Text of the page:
Jurors deliberated all day Monday without reaching a verdict in the murder trial of Kareem Lane, the 37-year-old Pell City, Ala., man charged with fatally stabbing former Muscogee County School District Superintendent Jim Burns in 1992.
The jury went out about 10:18 a.m. and recessed for the day at about 5:30 p.m. They're set to resume deliberating at 9:30 a.m. Tuesday.
All 12 must agree to either convict or acquit Lane, who has been jailed since his May 2010 arrest in the cold case.
Jurors ate Papa John's pizza for lunch, requested an easel to view exhibits and, just before 4 p.m., sent a series of questions scrawled on separate notes to Peters, apparently pertaining to the evidence. Superior Court Judge Bobby Peters did not read the notes aloud, but sent a couple of notes back to the jury after a sidebar with attorneys.
The panel heard closing arguments Friday after eight days of testimony in which no eyewitnesses placed Lane at the crime scene. Forensic testing did not definitively implicate Lane but showed he was a possible contributor to a mixed DNA profile extracted from the knife that killed Burns.
Prosecutors tried to piece together circumstantial evidence they say points to Lane, including an empty knife sheath found in his pickup that authorities say fits the murder weapon. But they couldn’t answer the question of why a 17-year-old high school student who worked at Hardee’s in 1992 would sneak into the superintendent’s house and kill him without taking anything.
“If the state had a motive, they’d be talking about it. Trust that,” defense attorney Stacey Jackson told jurors in his closing argument. “Don’t throw out common sense.”
Jackson contends motive wasn’t the only element missing from the state’s case. He pointed to a lack of physical evidence, an unidentified contributor to the mixed DNA profile and other possible suspects.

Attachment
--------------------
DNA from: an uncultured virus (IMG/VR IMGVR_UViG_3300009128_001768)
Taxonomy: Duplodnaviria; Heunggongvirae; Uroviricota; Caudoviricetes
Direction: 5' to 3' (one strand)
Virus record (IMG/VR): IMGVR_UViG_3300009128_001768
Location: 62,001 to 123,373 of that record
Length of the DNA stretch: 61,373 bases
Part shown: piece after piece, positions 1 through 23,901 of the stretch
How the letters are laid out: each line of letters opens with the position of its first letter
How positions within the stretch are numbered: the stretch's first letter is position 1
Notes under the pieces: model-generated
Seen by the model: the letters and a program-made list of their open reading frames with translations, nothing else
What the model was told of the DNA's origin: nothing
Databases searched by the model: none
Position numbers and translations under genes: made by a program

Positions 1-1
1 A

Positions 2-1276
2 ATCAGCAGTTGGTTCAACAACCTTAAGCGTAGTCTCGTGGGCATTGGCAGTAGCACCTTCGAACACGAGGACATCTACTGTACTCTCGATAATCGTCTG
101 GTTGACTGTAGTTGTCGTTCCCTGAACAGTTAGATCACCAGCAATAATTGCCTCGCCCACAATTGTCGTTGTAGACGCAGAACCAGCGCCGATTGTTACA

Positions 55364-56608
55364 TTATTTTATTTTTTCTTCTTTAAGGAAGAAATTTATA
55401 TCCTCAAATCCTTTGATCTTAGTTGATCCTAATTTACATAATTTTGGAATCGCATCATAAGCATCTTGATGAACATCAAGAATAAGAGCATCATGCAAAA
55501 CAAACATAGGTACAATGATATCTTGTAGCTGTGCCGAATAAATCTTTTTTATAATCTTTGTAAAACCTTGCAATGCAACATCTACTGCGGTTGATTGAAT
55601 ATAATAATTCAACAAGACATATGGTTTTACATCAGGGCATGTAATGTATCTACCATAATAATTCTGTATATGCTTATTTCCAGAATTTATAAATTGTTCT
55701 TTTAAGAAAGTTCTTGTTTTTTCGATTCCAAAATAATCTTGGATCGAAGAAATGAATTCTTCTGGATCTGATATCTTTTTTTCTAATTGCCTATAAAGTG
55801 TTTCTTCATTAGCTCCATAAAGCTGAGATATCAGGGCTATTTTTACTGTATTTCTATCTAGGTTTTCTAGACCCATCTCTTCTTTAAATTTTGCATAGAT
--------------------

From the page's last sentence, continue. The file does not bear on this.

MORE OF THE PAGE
Burns' death came at a time of contention between him and some school board members, and spawned a number of conspiracy theories. The killer apparently entered the home using a key left under the front door mat. The telephone in Burns' bedroom was found to be unplugged.
Burns' widow, Stella Burns Butler, testified she was asleep next to her husband on the night of the stabbing when she was awakened by a loud jarring of the bed. She said she saw her husband cuss at and chase a shadowy attacker out of their bedroom, but could not identify the man.
Butler denied involvement in her husband's death. She said she placed the key under the mat in anticipation of Burns' parents arriving from out of town, and forgot to remove it after they returned from a weekend trip to their North Carolina mountain home.
Lane had been questioned Oct. 19, 1992, after witnesses who lived around the corner from Burns reported seeing a gray Ford Ranger parked suspiciously in the area and a masked man jogging toward it. Police spotted Lane driving a pickup that fit the description of the suspect vehicle and pulled him over on Macon Road shortly after the stabbing.
The witnesses later said they recognized a light decal on the back window of the pickup, but they did not identify Lane. In addition to the empty knife sheath, police also found clothing and a gray T-shirt that District Attorney Julia Slater contends Lane used as a mask.
Prosecutors sought to portray Lane as behaving in an unusual manner during his traffic stop and several hours of questioning. Lane told police he had changed out of his work clothing in his pickup before heading to a game lounge on Victory Drive; he was said to be sweating despite cool temperatures; he didn't ask to call his parents from the police department; and he fell asleep in an interview room at some point, prosecutors said.
Slater told jurors last week that the state had presented "overwhelming evidence" and had "no doubt" about Lane's culpability.
"In some sick, odd twist of fate, Dr. James Burns drew his last breath at the hands of a student," prosecutor LaRae Dixon Moore said in her opening statement, noting Burns had dedicated his life to educating children.
Jackson said prosecutors had no case, and said jurors should have more than enough reasonable doubt to acquit.